On Tuesday, October 24, 2017, the Senate voted to nullify the Consumer Financial Protection Bureau’s (“CFPB”) arbitration rule (the “Rule”) in a 51-50 vote. Only two Republicans voted against the measure – Lindsey Graham (SC) and John Kennedy (LA). President Trump praised the vote, saying that he will sign the resolution when it reaches his desk. The Senate vote ensures that the arbitration Rule will not take effect.
The Bureau’s Arbitration Rule
On July 10, 2017, the CFPB issued its long-awaited final Rule banning class action waivers in arbitration provisions for covered entities. In addition, the Rule required covered entities to provide information to the Bureau regarding any efforts to compel arbitration. The Rule was slated to take effect in early 2018.
Subject to certain enumerated exemptions, the Rule applied to most “consumer financial products and services” that the CFPB oversees, including those that involve lending money, storing money, and moving or exchanging money, as well as to the “affiliates” of such companies when the “affiliate is acting as that person’s service provider.”
The Rule would have prohibited a provider from relying on a pre-dispute arbitration agreement entered into after the compliance date with respect to any aspect of a class action that concerns any covered consumer financial product or service.
Further, the Rule included a requirement that providers who used pre-dispute arbitration agreements to submit to the CFPB certain records relating to arbitral and court proceedings. The Bureau intended to use the information to continue monitoring such proceedings for developments that implicated consumer protection concerns.
Procedural History of the Challenge
On July 25, 2017, only two weeks after the Bureau issued the Rule, the House of Representatives voted to repeal the Rule under the Congressional Review Act, which permits Congress to overturn regulations with a simple majority vote. Republican representatives argued that the Rule would negatively affect business, while House Democrats countered that the Rule protects Americans’ right to seek redress of harms in court. In the weeks leading up to the Senate’s vote, Democratic AGs from around the nation urged lawmakers to vote against the measure and consumer advocates branded the legislation as a boon to financial institutions. Meanwhile, the Department of the Treasury released a report critical of the Rule, claiming that it rested on a shaky foundation of cherry-picked data. The Senate approved the repeal on October 24, 2017, in another party-line vote.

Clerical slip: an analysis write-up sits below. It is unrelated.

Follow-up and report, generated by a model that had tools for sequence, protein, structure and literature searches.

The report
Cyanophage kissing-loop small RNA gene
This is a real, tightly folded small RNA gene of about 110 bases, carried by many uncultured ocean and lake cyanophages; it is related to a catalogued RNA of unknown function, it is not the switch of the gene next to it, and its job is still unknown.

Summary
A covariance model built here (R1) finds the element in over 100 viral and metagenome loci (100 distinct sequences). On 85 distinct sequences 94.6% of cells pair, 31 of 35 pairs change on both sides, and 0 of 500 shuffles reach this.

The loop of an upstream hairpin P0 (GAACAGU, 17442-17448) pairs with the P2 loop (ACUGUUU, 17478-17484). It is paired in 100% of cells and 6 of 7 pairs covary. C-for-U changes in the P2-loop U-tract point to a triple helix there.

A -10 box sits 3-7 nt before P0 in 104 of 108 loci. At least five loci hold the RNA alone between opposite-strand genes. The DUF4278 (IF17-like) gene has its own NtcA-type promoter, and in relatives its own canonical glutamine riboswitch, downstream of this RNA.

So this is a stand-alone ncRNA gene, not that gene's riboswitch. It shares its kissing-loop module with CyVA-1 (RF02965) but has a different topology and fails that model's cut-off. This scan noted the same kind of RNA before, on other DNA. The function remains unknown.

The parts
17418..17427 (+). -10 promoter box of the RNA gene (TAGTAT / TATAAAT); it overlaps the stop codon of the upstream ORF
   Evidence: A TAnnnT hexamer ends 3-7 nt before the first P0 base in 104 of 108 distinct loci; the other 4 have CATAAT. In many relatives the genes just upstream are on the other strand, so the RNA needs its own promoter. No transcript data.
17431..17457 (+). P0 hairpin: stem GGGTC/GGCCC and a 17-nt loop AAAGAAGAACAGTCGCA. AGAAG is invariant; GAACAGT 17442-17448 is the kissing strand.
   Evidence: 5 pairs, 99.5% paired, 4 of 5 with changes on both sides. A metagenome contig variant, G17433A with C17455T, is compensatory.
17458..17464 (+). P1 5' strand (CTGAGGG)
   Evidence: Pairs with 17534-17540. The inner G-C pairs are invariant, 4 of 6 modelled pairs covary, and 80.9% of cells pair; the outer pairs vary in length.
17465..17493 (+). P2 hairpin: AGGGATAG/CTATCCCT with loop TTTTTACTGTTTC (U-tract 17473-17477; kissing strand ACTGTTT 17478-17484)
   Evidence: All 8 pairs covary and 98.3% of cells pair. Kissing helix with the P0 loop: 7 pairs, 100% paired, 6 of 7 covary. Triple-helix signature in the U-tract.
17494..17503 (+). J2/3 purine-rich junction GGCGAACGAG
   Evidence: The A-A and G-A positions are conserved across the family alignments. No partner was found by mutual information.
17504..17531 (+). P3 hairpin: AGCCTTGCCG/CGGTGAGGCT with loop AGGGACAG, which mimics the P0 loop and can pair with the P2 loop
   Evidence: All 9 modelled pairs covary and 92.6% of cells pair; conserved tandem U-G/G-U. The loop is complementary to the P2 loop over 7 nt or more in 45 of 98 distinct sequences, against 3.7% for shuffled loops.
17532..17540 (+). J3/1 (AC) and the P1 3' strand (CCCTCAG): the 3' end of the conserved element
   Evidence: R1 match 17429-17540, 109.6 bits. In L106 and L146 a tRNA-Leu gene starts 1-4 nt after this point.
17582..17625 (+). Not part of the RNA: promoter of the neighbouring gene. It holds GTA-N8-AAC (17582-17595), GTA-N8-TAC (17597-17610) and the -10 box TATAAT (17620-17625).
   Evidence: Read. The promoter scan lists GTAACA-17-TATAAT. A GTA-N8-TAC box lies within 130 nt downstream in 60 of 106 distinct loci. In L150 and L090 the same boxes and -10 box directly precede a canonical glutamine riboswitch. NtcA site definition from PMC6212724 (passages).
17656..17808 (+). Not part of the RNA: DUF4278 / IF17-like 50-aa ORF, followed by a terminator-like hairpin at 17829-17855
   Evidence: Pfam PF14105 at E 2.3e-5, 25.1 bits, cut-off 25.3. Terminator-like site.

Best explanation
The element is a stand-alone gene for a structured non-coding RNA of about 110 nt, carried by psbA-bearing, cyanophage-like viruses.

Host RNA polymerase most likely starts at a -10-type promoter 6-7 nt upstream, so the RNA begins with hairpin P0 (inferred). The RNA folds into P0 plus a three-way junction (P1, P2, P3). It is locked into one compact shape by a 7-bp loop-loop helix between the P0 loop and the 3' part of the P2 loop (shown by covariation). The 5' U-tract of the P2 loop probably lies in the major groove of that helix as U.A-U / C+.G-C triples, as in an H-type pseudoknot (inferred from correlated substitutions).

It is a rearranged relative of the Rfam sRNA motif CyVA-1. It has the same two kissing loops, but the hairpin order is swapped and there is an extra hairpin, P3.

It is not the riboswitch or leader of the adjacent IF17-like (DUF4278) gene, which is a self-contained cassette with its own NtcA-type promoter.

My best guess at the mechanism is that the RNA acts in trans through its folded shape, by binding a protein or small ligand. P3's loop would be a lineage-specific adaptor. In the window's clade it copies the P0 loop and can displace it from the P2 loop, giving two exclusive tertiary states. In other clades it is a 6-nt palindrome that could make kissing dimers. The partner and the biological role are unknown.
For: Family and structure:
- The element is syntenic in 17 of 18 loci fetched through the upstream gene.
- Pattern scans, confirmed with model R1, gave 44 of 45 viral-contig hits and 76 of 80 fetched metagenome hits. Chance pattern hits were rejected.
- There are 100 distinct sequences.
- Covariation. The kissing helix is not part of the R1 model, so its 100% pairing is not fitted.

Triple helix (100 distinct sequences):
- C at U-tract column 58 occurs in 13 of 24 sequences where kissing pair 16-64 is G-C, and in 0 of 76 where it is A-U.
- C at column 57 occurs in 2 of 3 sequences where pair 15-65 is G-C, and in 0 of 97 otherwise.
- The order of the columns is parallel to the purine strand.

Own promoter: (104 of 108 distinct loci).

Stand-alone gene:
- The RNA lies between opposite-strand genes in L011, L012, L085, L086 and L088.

The impending March 2018 deadline imposed by the Rule has now been lifted by Congress’s invalidation of the Rule. Going forward, the struggle between some state courts and the Supreme Court of the United States over state law limitations on the enforceability of arbitration agreements under the Federal Arbitration Act (FAA) likely will continue indefinitely. As illustrated most recently in DIRECTV v. Imburgia, 136 S. Ct. 463 (2015), the Supreme Court has repeatedly reversed state court refusals to enforce arbitration agreements, applying the broad pro-arbitration policy embodied in the FAA. Some States and State courts, on the other hand, have attempted to limit arbitration under state law. A notable recent example is California’s SB 33, which permits an existing customer of a bank to sue a depository bank when a fraudulent account is opened unknowingly in the consumer’s name. With the invalidation of the Rule, this struggle will continue.
Consumer-facing companies that do not have an arbitration program, or a program that has not been recently refreshed, might now consider adding or updating arbitration clauses to their agreements.
Troutman Sanders advises clients both within and outside the CFPB’s authority in developing and administering consumer arbitration agreements, and has a nationwide defense practice representing financial institutions and other consumer-facing companies in many types of class actions and individual claims. We will continue to monitor these regulatory developments.